American Tears: Branded Bad

There’s something intriguing about a new group that manages to make a powerful impression without falling into any easily defined category. That’s how I feel about American Tears, whose first album has importance written all over it, yet eludes my attempts to pin down what makes it so special.

The group, which made two albums as Valhalla a few years back, consists of Mark Mangold, Gary Sonny and Tommy Gunn. Mangold writes all the songs, sings all the leads, and plays keyboards, ARP and minimoog. Not surprisingly then, American Tears is built heavily around the keyboard sound. The particular keyboard sound which dominates the album is not that of Keith Emerson, nor of Leon Russell or Uriah Heep. The most striking similarity is to Procol Harum, with classically-influenced piano figures augmenting full Hammond B3 chording. The similarity is strongest on ‘Take Me Lord’, which also features early Trowerish guitar and a rather fervent religious theme.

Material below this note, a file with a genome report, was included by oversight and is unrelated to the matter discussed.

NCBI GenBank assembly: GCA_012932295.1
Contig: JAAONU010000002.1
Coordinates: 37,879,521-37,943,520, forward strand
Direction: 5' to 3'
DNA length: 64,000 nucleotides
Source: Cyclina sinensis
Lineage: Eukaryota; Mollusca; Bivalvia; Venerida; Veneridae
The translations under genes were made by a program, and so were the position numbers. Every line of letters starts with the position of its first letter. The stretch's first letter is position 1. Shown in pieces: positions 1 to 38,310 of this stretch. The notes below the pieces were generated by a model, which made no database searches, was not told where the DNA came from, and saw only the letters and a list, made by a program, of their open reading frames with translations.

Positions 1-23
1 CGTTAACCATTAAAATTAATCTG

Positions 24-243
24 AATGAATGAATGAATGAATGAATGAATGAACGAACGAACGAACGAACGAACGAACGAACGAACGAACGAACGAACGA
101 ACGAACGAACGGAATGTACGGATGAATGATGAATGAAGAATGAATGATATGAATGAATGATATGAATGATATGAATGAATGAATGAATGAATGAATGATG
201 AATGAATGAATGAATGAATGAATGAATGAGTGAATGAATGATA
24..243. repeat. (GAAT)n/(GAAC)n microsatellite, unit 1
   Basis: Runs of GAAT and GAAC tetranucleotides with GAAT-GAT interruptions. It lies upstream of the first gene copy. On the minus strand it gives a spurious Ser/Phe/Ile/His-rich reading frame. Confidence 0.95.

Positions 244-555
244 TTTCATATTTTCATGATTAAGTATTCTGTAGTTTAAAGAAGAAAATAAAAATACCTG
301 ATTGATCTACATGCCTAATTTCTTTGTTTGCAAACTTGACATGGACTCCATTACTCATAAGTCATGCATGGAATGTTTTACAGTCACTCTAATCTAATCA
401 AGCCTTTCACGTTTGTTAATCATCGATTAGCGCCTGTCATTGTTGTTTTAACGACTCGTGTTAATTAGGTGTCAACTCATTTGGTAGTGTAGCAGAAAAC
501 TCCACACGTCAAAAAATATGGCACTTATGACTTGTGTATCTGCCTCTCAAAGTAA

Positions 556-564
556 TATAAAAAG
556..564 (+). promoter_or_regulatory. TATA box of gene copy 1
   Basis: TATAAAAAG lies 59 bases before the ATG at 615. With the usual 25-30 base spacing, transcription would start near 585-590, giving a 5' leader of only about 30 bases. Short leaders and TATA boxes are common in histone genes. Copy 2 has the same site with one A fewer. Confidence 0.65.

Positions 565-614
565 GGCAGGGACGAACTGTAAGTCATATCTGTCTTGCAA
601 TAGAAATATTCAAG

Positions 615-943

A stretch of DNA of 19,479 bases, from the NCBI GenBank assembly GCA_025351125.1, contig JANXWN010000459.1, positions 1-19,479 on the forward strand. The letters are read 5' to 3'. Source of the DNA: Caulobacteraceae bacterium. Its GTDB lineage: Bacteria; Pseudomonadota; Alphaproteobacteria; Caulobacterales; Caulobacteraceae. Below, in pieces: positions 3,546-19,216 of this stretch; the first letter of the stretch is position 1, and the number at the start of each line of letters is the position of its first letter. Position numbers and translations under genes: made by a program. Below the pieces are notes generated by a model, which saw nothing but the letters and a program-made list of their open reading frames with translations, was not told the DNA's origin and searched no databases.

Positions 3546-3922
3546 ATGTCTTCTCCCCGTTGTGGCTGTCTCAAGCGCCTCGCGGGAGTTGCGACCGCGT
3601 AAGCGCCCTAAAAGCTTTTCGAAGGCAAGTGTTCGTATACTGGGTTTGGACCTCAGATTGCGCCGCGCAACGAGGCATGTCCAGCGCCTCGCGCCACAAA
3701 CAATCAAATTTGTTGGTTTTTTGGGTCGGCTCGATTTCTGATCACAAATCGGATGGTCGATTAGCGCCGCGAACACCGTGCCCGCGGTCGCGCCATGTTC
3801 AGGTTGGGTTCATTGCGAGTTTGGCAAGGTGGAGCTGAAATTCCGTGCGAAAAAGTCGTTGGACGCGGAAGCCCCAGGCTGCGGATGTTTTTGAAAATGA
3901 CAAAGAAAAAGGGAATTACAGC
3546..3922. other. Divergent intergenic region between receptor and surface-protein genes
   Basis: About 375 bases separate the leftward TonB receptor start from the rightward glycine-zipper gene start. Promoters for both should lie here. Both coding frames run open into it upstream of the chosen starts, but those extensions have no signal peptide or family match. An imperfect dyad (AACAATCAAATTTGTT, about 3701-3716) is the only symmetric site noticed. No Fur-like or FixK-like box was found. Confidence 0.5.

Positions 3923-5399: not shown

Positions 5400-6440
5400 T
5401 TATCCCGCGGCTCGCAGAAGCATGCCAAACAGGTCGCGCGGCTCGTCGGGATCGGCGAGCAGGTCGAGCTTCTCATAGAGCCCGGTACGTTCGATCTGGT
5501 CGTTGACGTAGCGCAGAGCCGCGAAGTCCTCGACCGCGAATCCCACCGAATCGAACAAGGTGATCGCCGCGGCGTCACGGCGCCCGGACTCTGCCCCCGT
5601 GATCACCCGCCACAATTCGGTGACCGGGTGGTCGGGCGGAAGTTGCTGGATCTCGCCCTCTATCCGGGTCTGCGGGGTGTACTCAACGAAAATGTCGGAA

This resemblance to Procol Harum is primarily one of instrumentation, however, and should be taken only as a point of reference. Lyrically and thematically, American Tears are clearly on different ground, with none of Keith Reid’s ornate wordplay. There’s more of the gospel approach in American Tears; short suggestive phrases, often repeated, and made meaningful by their interpretation rather than their overt content. Mangold is a born vocalist, with a strong rich voice that can draw words out until they become an extension of the music.

Even the most explicit song, ‘Dr. Abreaction’ means very little if you merely read the lyrics. Yet listening to the track, you get caught up in the heat of what sounds like a jam between early Lee Michaels and the young Stevie Winwood, and come away feeling as though you’ve just heard a heavy meaningful statement.

Based on this, I would suspect American Tears to be a tremendously exciting group live, for it is rare enough that a group with this kind of approach can pull it off successfully live, let alone on record, and American Tears has already proven its ability to create an album that is as alive as any record could be. This is a band to watch out for.

© Greg ShawPhonograph Record, August 1974

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